Finding Determination to Live Sober

In a 2007 edition, The Journal of Substance Abuse Treatment describes addiction recovery as a voluntarily maintained lifestyle epitomized by sobriety, personal health and citizenship. The early days of recovery might seem difficult, but there is good reason to find the determination to live sober. The recovery lifestyle produces positive changes, connections and opportunities that extend well beyond the physical benefits of sobriety. Being determined will not eliminate potential setbacks and struggles, but it will help you focus on the day-to-day business while fostering faith in a positive future. Recovering addicts can hone determination by remembering the benefits of recovery, the consequences of relapse and the life tools that help them succeed.

Positive Benefits of Recovery

In a 2009 edition, The Journal of Substance Abuse Treatment argues that addiction treatment is often essential for recoveries, but treatment alone does not sustain sobriety. The process of getting and staying clean involves several goals that rehab initiates, but goals users must continue working on in aftercare. For instance, users must take the following acts to avoid relapse:

  • Implement life tools like anger/stress management, conflict resolution and positive coping approaches
  • Learn relapse-prevention strategies to avoid and neutralize high-risk situations and substance-craving triggers
  • Pursue meaningful activities, healthy social relationships, a restored home life and positive recreational interests everyday

If treatment is about pulling out weeds and planting healthy seeds, then the recovery process is about watering the seeds and cultivating growth. When someone stays determined in recovery, the following benefits may occur:

  • Misinformed stigmas about addicts no longer have any influence or effect
  • A period of self-redefinition transcends shame and rebuilds relationships
  • Mental health continues to get better and provide more stable mood levels
  • Attitude, outlook, faith, confidence, optimism and self-image make positive gains
  • Cognitive functions like memory, decision making and focus steadily improve
  • Social ties strengthen among friends, family and newfound recovery partners
  • Enjoyment and fulfillment from previously loved hobbies begin to return
  • Life skills and strategies soon become second nature, which elevates all areas of life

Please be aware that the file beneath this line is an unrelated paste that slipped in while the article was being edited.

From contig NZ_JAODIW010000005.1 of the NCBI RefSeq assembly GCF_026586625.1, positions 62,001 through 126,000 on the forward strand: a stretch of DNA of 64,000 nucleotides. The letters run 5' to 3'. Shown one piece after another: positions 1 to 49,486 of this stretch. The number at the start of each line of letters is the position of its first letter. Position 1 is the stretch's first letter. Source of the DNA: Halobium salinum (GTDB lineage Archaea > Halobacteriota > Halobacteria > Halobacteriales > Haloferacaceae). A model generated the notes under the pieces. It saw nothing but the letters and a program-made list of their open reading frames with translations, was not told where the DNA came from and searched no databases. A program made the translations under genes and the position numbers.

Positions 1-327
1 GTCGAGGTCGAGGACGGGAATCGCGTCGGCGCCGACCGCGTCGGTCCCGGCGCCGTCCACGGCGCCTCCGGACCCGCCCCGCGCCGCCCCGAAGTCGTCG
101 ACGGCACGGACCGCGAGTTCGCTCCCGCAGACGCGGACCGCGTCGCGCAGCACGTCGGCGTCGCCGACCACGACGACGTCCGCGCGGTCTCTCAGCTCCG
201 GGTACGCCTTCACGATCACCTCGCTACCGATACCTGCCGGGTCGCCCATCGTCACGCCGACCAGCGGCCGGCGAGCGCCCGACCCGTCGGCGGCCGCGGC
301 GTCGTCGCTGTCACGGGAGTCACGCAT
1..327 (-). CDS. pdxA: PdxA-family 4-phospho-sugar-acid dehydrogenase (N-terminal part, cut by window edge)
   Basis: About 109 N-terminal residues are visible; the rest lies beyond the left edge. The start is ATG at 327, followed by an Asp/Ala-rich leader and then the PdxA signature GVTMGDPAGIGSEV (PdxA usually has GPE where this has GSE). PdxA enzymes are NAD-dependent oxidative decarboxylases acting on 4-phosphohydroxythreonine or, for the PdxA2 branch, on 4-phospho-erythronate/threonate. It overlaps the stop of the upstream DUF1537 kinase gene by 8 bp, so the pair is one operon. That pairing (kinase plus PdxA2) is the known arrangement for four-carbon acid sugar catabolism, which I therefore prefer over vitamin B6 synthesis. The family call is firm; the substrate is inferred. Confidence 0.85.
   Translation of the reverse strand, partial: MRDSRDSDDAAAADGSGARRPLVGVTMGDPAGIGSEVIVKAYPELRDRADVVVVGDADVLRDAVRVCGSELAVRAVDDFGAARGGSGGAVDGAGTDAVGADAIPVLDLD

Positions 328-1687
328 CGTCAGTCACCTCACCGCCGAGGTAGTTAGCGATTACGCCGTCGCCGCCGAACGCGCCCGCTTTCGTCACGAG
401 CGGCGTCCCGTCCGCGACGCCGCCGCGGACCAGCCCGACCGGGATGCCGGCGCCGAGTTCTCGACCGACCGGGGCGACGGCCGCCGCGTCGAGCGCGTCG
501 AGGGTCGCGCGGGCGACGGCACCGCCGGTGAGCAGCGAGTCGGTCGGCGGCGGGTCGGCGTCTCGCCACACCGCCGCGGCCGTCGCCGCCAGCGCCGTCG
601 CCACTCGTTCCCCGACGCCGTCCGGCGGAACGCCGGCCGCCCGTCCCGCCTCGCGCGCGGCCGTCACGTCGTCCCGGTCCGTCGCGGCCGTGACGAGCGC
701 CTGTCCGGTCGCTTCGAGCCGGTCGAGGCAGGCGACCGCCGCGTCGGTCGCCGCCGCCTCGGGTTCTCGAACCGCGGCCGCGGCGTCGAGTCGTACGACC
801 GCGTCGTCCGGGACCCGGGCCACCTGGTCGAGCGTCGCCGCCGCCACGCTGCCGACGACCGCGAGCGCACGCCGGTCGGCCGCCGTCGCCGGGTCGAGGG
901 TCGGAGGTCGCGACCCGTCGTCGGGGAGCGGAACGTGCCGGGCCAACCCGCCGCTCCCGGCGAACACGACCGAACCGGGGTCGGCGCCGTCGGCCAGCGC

The recoveries grow and strengthen through determination and consistency, so individuals will see quality of life improvements, such as independence, social support networks, physical/mental health, positive citizenship, restored relationships and a new life in the community.

Risks of Addiction Relapse

As noted by the National Institute on Drug Abuse in 2008, recovery is better the longer sobriety lasts, which means that recovering addicts grow and mature in ways that make substance abuse lose its influence and appeal. In fact, the NIDA notes that two-thirds of individuals who stay sober for more than a year stay that way, and the percentage increases to 86% for people who reach the three-year mark. The study adds that recovering addicts who achieve five years of sobriety rarely relapse. The cravings might seem intense during the first year, but remember that it will get easier as the recovery continues to grow.

Conversely, recovering addicts can also boost their sobriety by recognizing the risks associated with relapse. Many people believe that they can use drugs just one time, which often leads to binge use in anticipation of reengaging a recovery. Both situations involve physical health risks since tolerance levels likely decreased and lead to a lower threshold for overdose. Between the decrease in tolerance and the binge use, recovering addicts have higher rates of overdose when they relapse, and the substance effects are often more pronounced. Decision making, risky conduct (e.g., driving drunk or high), aggressive behavior and mental health relapse can all follow.

If a relapse happens, then speak with your recovery sponsor and/or counselor immediately for help. Furthermore, additional treatment is often the best course of action to correct relapse. Many recovering addicts experience relapse during the first year, but it is important to learn from the experience, lean on support structures and set new recovery goals.

Tips for a Sober Lifestyle

Getting sober is about avoiding drugs, but recovery is about taking positive steps to make abstinence a long-term reality. In addition to understanding the benefits of recovery and the risks of relapse, recovering addicts can cultivate determination with the following tips:

  • Focus on small achievable steps and take pride in any measure of achievement
  • Anticipate plateaus and struggles with strategies to work through them
  • Understand the importance of social support networks and finding a recovery sponsor
  • Encourage family counseling in situations where unhealthy dynamics seeped in
  • Immediately ask for help whenever needed and admit to mistakes when they occur
  • Do not allow yourself to entertain negative, pessimistic or self-defeating thoughts
  • Ask friends, loved ones and recovery partners to watch for warning signs

Have faith in the future, but focus on the next step and take care of the day-to-day business first. There are no shortcuts in recovery, but there are certainly positive outcomes for those who stay determined.

Addiction and Recovery Support

People who struggle with addiction or recovery should call our admissions coordinators for help; our staff are available 24 hours a day at a toll-free helpline to answer questions and recommend treatment. They can even check health insurance plans for benefits if additional treatment is necessary. Do not delay getting help—if you or a loved one needs assistance, please call us now.

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